The other day Jeff Goldstein produced a monster post
that's drawn an incredible number of accusations and counter-accusations. Very illuminating. The nut of Jeff's essay is this, I think:
From my perspective, there comes a time when, having registered disagreement with the war, the war’s critics (and here I’m not talking about critics of individual strategical or tactical initiatives, but rather those who have been against the effort from the start) simply wait and—if things fail—rush to brag of their prescience and perspicuity. But in the meantime, actively working to undermine the effort by presenting our enemies with a rabidly partisan divided front (one of their chief aims, remember)—whether it be through suggestions that we are in Iraq “illegally”, or that the President “lied” to take us to war, or seemingly hoping, on a daily basis, that the whole thing devolve into a civil war—matters. And not just rhetorically.
The fact is, the insurgency simply cannot succeed militarily. And Iraqis have voted in spectacular numbers for an attempt at democratic governance.
Which means the only hope of the insurgency from the start has been to break our will [...]
[Some emphases mine, some are original.]
Which is, in the end, where I come out as well. It's all well and good to declare your disaproval of our efforts in Iraq, this isn't a debate over the right to dissent. But it's quite another thing to actively hope for failure
, because when the dust settles, if this little experiment in democracy ultimately fails, isn't it better to be able to point and laugh with a clear conscience, free from the nagging suspicion that you helped cause extra
death and suffering? If the principles that led to our decision to go to war are ultimately proved wrong, is that not satisfaction enough?
Apparently not. Jeff addresses this in his extended update. It's positively scary the way some Americans are happy to misrepresent the intentions
of this administration in an effort to disprove Bush's methods
As an example let me single out Mona
from the comment section of Jeff's post:
I voted for Bush in ‘04, and I supported the Iraq war. I did so not for neocon reasons— because I have always understood that social engineering cannot work, either domestically here in the U.S. or in foreign policy. We can’t “make them” into rule of law, civil-society minded folks at will.
See, whether intentional or not, this misrepresents Bush's motivations in a fundamentaly false way. Bush isn't on a mission to remake Iraq into a facsimile of Texas, and had Mona actually listened to the speeches Bush has been giving for years, she would know (or at least acknowledge) this simple fact. Rather, Bush and others believe that a "yearning for freedom" (you hear that phrase repeated over and over in Bush's speeches) is the natural state of human populations all over the world, and that by removing obstacles to that natural predilection (like Saddam,) we are giving the Iraqis a great gift. The gift of self determination. The gift of freedom from tyrany. The goal isn't to force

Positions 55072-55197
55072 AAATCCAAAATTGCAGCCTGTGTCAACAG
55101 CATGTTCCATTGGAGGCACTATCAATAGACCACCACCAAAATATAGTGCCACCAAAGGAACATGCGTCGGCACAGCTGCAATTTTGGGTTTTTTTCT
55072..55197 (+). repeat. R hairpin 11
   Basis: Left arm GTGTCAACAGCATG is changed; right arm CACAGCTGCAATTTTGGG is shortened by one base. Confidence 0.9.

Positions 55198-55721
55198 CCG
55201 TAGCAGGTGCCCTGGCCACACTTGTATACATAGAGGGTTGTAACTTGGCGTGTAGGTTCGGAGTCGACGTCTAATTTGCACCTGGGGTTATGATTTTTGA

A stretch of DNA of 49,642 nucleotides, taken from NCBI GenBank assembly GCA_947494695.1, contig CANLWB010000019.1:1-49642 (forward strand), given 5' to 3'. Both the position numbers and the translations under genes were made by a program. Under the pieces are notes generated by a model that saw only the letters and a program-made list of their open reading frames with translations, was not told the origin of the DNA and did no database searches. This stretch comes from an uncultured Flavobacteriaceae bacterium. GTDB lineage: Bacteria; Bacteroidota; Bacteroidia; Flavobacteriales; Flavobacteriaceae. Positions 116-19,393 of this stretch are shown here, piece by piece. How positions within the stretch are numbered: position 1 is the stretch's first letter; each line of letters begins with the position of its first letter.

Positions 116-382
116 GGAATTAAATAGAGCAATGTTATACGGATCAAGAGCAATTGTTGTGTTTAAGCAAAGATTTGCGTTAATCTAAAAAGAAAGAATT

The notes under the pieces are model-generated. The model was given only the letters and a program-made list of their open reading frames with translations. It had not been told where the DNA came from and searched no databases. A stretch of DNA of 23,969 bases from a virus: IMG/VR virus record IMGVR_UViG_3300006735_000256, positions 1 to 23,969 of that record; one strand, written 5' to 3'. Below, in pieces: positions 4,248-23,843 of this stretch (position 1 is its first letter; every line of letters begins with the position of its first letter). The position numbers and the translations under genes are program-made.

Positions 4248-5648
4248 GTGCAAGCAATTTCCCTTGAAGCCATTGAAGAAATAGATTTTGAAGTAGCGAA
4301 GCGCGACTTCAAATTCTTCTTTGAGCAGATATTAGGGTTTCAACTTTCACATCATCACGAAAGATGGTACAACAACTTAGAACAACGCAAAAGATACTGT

societal change in Iraq, but rather to remove the forces preventing
But I believed Saddam had been a belligerent against us, and that after 9/11 it was time to say “f*ck you” to him and others, so that bad guys would fear messing with us. I also believed George Bush would be competent to execute the war and its aftermath.
I was wrong.
And Mona's initial support for Bush's campaign in Iraq believing that we were just sending a "Don't mess with us" message is to completely misunderstand the larger point
of the campaign. Our President is no isolationist. The general plan is to spread freedom abroad, thereby increasing security here at home. Without understanding the theory, how can you evaluate Bush's competence?
Her evidence of Bush's cluelessness? She once met an Army Dude:
[...] While traveling from the midwest to the East coast last November, I was seated next to a soldier returning from Iraq. He was a conservative, Xian evangelical, smart, and had his own criticisms of the media. But he told me civil war was nearly inevitable, because of the various tribal factions in Iraq itself. He said that some of these factions are so backwards as to be unbelieveable, and that there is no reasoning with them.
This young soldier said civil war was truly the most likely outcome. But he did not think that would be a “good thing.” He did not think our troops should remain in the middle of that.
At what point does “I was wrong” enter into an honest person’s thinking? [M]aybe, just maybe, Bush totally screwed things up?
Mona, your conversion from a Bush supporter into a Bush critic is unfortunately based upon your
failure to understand the principles behind our efforts, not
Bush's competence or incompetence in executing those efforts. Many reasonable, rational, educated military types (myself, for example) have long since left behind the notion
that Iraqis are incapable of practicing democracy, or that civil war is "nearly inevitable." So you sat next to some soldier on a plane once. Big deal. Got any family in the military? Just how regularly do you talk with service members? Do you think that young soldier's opinion is representative of all
the military? At what point does my
conversion deserve some respect?
Again, this isn't a debate over the right to disagree, it's about the misrepresentation of honorable motives, and the dangers of slinging dishonest words. In the end, the only way we'll lose this war is infighting, and the only way we fall prey to infighting is by accusing our opponents of arguing in bad faith.
(I've emailed Mona to tell her she's free to elaborate on her opinions or to disagree with mine in the comment section here. And expect fresh posts about the other issues raised in Jeff's essay.)